Skip to main content

The Bronze Age - Asian Games Athletics Day Three Japanese Results



Bronze was the color of Japan's luck on the third day of athletics competition at the Jakarta Asian Games, with three Japanese athletes medaling in jumps and hurdles. Takatoshi Abe was a favorite to medal in the men's 400 m hurdles, no match for championships record-breaking Qatari Abderrahman Samba but running a strong 2nd throughout the race. Coming into the home straight Abe had a sizable lead over Taiwan's Chen Chieh and Indian Dharun Ayyasamy, but as he came off the bend he began to tie up. Ayyasamy saw his chance and kicked hard, catching Abe just before the line to take silver and knock Abe back to bronze.

One of Japan's strongest medal contenders, Naoto Tobe had something of an off day in the men's high jump, struggling to clear 2.24 m and tying for bronze with Syrian Majd Eddin Ghzal while winner Yu Wang of China went on to clear 2.30 m. Takashi Eto cleared 2.24 m on his final attempt to move into 6th but passed on the subsequent heights with an apparent injury.

The surprise third medal came in the men's 3000 m steeplechase. Hakone Ekiden runner Kazuya Shiojiri, a Rio Olympian in the steeple but versatile at other distances with bests of 13:33.14, 27:47.87 and 1:02:46, came out aggressively and led the race the entire way to the last lap. Iran's Hossein Keyhan and Qatari Yaser Bagharab went by at the bell and it looked like Shiojiri would be swallowed up by the Kenyan-born Bahraini duo and others right behind him, but digging deep he held them off to take bronze in 8:29.42, a fraction of a second off the PB he set in winning June's National Championships. Keyhan's last kick was stunning, opening 6 seconds on Bagharab to win gold in an Asian Games record 8:22.79. Japan's Kosei Yamaguchi was 9th in 8:47.41.

The men's javelin silver medalist last time in Incheon, this year Ryohei Arai could manage no better than 75.24 for 7th. Eri Utsunomiya was also 7th in the women's 400 m hurdles, with Yukari Ishizawa 8th in the women's 3000 m steeplechase. Among qualifiers, in the women's 800 m both Ayano Shiomi and Yume Kitamura made it to the final while in the men's 800 m only national record holder Sho Kawamoto went on, the slowest time qualifier but recording the 4th-fastest time going into the final. Both Taio Kanai and Shunya Takayama qualified for the final in the men's 110 m hurdles.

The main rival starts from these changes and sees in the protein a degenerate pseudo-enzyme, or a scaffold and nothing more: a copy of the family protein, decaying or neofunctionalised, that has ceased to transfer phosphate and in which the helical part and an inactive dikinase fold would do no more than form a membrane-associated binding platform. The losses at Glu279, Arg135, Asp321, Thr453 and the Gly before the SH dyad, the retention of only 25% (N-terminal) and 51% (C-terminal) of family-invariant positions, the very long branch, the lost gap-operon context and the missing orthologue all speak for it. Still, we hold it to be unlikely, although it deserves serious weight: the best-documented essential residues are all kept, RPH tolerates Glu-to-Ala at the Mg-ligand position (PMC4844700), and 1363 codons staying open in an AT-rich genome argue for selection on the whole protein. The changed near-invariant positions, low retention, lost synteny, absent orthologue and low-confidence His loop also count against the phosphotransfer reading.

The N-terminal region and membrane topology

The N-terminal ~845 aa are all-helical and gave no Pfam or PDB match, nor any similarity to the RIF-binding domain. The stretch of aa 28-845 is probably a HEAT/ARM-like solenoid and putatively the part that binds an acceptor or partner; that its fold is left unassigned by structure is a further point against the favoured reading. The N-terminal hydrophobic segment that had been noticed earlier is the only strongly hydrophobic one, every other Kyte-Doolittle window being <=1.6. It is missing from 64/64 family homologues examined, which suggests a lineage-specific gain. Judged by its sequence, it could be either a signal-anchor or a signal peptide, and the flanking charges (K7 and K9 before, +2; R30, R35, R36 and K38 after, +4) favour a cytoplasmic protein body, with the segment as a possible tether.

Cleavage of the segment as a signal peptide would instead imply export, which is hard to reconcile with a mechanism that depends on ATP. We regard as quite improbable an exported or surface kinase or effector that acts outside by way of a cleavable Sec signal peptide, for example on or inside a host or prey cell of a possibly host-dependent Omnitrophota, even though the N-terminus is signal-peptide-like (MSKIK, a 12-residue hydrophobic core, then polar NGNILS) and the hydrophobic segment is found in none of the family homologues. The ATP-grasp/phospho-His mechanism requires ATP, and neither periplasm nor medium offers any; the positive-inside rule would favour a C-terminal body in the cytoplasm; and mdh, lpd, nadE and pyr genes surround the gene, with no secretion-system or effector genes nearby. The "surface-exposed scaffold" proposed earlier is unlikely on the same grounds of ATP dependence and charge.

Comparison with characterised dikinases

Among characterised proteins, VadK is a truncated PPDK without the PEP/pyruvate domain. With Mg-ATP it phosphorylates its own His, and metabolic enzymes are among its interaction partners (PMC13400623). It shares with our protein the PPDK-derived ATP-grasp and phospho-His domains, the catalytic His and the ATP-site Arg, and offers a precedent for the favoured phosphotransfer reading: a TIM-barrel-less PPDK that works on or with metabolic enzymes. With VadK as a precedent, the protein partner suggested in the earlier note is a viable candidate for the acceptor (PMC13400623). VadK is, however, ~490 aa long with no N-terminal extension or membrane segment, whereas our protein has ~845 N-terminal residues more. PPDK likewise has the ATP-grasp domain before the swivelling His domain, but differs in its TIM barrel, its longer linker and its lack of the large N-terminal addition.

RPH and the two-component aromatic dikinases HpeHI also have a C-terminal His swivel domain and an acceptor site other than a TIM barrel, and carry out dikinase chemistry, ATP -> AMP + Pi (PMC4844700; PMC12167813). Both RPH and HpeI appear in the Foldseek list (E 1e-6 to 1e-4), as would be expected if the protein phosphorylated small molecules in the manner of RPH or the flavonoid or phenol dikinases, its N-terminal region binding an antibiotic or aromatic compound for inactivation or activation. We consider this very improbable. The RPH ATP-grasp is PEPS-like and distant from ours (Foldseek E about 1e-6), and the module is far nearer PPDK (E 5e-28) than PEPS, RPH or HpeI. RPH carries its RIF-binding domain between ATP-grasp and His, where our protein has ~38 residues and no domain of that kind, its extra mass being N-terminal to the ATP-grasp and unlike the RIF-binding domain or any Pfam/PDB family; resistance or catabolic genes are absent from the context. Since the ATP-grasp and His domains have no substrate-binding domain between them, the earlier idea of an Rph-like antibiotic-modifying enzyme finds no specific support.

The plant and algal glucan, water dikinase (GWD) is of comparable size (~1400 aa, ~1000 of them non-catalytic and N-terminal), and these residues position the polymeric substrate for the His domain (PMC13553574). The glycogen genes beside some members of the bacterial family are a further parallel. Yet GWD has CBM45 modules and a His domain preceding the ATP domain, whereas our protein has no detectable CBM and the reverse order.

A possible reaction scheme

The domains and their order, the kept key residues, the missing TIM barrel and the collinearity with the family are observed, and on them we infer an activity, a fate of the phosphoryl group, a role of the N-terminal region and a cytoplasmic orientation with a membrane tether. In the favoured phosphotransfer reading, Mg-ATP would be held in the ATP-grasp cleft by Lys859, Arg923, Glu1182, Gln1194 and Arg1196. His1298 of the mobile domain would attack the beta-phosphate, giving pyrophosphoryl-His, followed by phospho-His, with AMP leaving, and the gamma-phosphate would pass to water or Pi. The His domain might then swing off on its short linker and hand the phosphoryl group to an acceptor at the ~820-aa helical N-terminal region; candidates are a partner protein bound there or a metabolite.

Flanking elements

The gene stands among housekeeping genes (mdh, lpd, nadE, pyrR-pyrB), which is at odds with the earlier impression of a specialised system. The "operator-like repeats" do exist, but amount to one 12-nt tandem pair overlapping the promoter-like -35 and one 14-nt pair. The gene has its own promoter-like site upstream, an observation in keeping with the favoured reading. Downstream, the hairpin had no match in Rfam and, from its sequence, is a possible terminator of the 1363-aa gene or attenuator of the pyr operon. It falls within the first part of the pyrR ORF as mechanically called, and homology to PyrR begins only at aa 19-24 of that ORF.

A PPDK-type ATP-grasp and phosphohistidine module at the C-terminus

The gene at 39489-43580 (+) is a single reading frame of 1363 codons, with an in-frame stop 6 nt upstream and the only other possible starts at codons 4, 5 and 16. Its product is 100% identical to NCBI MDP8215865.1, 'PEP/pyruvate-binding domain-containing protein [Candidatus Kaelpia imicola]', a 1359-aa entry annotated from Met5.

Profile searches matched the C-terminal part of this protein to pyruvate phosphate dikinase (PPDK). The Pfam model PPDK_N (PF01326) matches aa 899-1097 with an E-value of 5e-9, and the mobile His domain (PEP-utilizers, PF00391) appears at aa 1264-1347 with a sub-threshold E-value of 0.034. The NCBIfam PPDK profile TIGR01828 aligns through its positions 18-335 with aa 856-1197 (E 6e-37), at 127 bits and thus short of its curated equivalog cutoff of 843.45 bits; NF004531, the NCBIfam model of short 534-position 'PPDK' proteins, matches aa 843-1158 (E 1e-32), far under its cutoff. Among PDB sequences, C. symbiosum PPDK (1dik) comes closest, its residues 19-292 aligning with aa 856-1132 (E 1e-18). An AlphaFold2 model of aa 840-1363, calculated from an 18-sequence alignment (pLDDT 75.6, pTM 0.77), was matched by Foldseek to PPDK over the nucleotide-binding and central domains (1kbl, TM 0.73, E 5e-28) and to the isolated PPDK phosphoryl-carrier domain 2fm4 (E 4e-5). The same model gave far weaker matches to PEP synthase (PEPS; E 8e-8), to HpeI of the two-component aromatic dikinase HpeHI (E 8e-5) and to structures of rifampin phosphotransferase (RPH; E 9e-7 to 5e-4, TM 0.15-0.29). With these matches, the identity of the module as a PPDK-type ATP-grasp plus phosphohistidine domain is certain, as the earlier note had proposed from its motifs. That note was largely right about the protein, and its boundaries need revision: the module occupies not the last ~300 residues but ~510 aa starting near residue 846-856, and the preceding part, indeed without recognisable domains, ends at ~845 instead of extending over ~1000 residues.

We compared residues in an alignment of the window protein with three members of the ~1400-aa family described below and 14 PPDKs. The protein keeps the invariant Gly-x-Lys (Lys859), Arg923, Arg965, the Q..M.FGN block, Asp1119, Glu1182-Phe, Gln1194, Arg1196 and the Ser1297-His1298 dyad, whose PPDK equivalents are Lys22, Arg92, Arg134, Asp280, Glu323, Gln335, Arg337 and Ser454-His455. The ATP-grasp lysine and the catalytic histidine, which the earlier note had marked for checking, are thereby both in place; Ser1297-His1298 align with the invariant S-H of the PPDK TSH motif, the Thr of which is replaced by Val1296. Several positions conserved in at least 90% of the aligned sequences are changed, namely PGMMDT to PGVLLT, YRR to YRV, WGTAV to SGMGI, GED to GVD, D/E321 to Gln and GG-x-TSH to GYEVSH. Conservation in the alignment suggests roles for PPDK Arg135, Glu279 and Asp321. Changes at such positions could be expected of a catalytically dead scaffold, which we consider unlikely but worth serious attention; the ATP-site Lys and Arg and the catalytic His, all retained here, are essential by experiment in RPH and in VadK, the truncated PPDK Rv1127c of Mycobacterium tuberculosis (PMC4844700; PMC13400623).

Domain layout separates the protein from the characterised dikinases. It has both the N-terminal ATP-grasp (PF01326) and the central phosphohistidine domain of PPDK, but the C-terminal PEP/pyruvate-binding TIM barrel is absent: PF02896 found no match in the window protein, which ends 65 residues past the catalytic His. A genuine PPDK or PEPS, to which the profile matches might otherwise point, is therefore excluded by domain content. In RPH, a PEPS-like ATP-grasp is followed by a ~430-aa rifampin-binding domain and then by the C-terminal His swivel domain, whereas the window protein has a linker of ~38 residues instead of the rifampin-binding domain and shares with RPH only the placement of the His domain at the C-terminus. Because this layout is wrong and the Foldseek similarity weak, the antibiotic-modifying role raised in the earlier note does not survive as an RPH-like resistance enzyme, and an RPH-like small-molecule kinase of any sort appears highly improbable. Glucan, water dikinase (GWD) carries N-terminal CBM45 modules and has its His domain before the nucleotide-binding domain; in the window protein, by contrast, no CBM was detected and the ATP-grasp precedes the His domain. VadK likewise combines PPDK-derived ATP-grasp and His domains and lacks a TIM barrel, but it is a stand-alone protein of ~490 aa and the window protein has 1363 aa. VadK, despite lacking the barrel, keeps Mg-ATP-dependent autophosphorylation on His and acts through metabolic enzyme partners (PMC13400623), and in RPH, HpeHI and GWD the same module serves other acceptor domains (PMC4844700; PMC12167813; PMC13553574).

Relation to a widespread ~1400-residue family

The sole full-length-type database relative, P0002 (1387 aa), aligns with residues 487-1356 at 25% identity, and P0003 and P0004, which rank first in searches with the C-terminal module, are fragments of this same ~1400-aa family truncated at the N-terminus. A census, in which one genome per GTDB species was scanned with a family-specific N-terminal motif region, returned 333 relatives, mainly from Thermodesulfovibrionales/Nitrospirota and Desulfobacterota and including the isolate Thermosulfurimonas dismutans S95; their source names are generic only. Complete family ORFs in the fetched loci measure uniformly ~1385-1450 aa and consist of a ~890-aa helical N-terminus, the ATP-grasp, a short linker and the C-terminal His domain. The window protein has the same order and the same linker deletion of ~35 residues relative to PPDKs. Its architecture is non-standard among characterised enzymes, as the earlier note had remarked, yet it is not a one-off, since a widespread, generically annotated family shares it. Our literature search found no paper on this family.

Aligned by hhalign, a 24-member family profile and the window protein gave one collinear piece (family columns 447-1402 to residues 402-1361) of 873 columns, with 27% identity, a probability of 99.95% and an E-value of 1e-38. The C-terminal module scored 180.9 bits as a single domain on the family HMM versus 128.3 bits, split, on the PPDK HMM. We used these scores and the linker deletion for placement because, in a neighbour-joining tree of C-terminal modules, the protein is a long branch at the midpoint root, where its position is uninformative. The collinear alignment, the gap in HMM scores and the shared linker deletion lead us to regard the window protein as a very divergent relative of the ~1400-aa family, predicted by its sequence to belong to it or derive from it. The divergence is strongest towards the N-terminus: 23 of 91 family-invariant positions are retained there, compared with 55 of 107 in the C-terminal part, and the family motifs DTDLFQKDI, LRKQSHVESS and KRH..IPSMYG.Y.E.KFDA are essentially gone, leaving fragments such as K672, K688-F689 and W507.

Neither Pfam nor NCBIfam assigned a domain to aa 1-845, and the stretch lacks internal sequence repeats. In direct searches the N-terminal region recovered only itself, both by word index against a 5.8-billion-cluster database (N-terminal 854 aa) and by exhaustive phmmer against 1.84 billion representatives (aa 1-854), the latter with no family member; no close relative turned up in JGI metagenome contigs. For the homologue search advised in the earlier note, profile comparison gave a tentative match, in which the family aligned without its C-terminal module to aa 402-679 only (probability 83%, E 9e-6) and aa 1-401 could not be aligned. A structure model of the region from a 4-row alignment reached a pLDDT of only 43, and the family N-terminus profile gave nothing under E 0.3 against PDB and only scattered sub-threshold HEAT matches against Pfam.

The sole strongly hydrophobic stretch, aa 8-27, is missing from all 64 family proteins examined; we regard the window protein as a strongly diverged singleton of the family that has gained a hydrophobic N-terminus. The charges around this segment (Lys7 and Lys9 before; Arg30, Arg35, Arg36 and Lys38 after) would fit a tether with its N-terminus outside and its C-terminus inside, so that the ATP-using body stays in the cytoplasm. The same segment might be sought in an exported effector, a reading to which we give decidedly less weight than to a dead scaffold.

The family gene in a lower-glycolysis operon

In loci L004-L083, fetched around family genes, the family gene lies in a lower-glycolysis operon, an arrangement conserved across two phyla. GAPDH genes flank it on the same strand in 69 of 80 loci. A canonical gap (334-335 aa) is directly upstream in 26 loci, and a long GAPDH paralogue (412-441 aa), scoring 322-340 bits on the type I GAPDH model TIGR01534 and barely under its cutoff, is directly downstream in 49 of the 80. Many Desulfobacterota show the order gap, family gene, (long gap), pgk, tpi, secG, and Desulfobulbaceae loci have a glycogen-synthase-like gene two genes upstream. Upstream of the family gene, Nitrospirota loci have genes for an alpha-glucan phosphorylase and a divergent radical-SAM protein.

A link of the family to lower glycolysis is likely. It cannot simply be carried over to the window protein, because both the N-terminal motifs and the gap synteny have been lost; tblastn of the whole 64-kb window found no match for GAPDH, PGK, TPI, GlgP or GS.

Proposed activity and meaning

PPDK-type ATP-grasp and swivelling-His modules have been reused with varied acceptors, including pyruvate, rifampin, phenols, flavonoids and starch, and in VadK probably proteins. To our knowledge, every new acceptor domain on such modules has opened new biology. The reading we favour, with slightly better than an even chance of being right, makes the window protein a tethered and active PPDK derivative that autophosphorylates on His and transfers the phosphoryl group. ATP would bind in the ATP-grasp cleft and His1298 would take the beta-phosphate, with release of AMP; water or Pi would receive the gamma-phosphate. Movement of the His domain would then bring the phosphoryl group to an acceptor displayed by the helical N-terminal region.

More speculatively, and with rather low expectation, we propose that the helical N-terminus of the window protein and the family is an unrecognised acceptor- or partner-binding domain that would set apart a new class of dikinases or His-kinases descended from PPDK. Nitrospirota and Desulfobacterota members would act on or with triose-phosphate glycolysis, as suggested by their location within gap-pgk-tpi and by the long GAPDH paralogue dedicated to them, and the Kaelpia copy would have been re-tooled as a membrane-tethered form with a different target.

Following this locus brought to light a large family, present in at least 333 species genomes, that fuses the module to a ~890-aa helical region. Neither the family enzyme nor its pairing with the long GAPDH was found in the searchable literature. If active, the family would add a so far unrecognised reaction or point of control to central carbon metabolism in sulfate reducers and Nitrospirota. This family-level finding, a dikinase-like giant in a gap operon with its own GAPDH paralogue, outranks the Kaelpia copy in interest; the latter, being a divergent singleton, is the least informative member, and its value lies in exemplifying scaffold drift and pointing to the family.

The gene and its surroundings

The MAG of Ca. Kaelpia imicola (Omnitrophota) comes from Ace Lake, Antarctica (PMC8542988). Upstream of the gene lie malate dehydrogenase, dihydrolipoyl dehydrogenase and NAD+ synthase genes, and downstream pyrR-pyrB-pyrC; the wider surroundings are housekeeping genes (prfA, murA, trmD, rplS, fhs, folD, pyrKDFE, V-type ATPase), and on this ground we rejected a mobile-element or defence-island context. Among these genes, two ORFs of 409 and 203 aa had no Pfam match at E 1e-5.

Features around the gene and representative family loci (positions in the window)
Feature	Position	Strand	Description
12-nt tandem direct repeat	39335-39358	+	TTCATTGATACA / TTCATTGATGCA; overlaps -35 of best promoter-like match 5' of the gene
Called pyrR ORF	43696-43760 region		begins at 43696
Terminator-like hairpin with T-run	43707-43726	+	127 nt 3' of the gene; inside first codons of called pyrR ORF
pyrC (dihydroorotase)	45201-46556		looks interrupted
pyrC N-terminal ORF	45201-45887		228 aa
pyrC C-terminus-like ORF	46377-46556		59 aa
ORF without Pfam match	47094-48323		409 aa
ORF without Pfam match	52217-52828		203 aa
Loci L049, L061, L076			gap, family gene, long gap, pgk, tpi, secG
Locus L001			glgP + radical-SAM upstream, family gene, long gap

Jakarta Asian Games Day Three Japanese Results

Jakarta, Indonesia, 8/27/18
complete results

Women's 3000 m Steeplechase Final
1. Winifred Yavi (Bahrain) - 9:36.52
2. Sudha Singh (India) - 9:40.03
3. Tri Qanh Nguyen (Vietnam) - 9:43.83
4. Xinyan Zhang (China) - 9:46.30
5. Shuangshuang Xu (China) - 9:47.42 - PB
-----
8. Yukari Ishizawa (Japan) - 10:13.53

Men's 3000 m Steeplechase Final
1. Hossein Keyhan (Iran) - 8:22.79 - MR
2. Yaser Bagharab (Qatar) - 8:28.21
3. Kazuya Shiojiri (Japan) - 8:29.42
4. John Koech (Bahrain) - 8:32.72
5. Hashim Mohamed (Qatar) - 8:35.40
-----
9. Kosei Yamaguchi (Japan) - 8:47.41

Women's 400 m Hurdles Final
1. Oluwakemi Adekoya (Bahrain) - 54.48 - MR
2. Thi Lan Quach (Vietnam) - 55.30 - PB
3. Aminat Jamal (Bahrain) - 55.65
4. Anu Raghavan (India) - 56.92
5. Yan Huang (China) - 57.48
5. Juana Murmu (India) - 57.48
7. Eri Utsunomiya (Japan) - 58.97
8. Dipna Lim Prasad (Singapore) - 59.68

Men's 400 m Hurdles Final
1. Abderrahman Samba (Qatar) - 47.66 - MR
2. Dharun Ayyasamy (India) - 48.96 - PB
3. Takatoshi Abe (Japan) - 49.12
4. Chieh Chen (Taiwan) - 49.62
5. Santosh Kumar Tamilarasan (India) - 49.66
6. Dmitriy Koblov (Kazakhstan) - 50.60
7. Eric Shauwn Cray (Phillippines) - 51.53
8. Seh Yun Han (South Korea) - 51.65

Men's High Jump Final
1. Yu Wang (China) - 2.30 m
2. Sang Hyeok Woo (South Korea) - 2.28 m
3. Naoto Tobe (Japan) - 2.24 m
3. Majd Eddin Ghzal (Syria) - 2.24 m
5. Mahamat Hamdi (Qatar) - 2.24 m
6. Takashi Eto (Japan) - 2.24 m

Men's Javelin Throw Final
1. Neeraj Chopra (India) - 88.06 m
2. Qizhen Liu (China) - 82.22 m - PB
3. Arshad Nadeem (Pakistan) - 80.75 m
4. Qun Ma (China) - 80.46 m
5. Chao Tsun Cheng (Taiwan) - 79.81 m
-----
7. Ryohei Arai (Japan) - 75.24 m

Women's 800 m Semifinal Standings
1. Marta Yota (Bahrain) - 2:04.35 - Q, Heat 1
2. Ayano Shiomi (Japan) - 2:04.46 - QHeat 1
3. Margarita Mukasheva (Kazakhstan) - 2:04.52 - qHeat 1
4. Manal El Bahraoul (Bahrain) - 2:05.23 - QHeat 3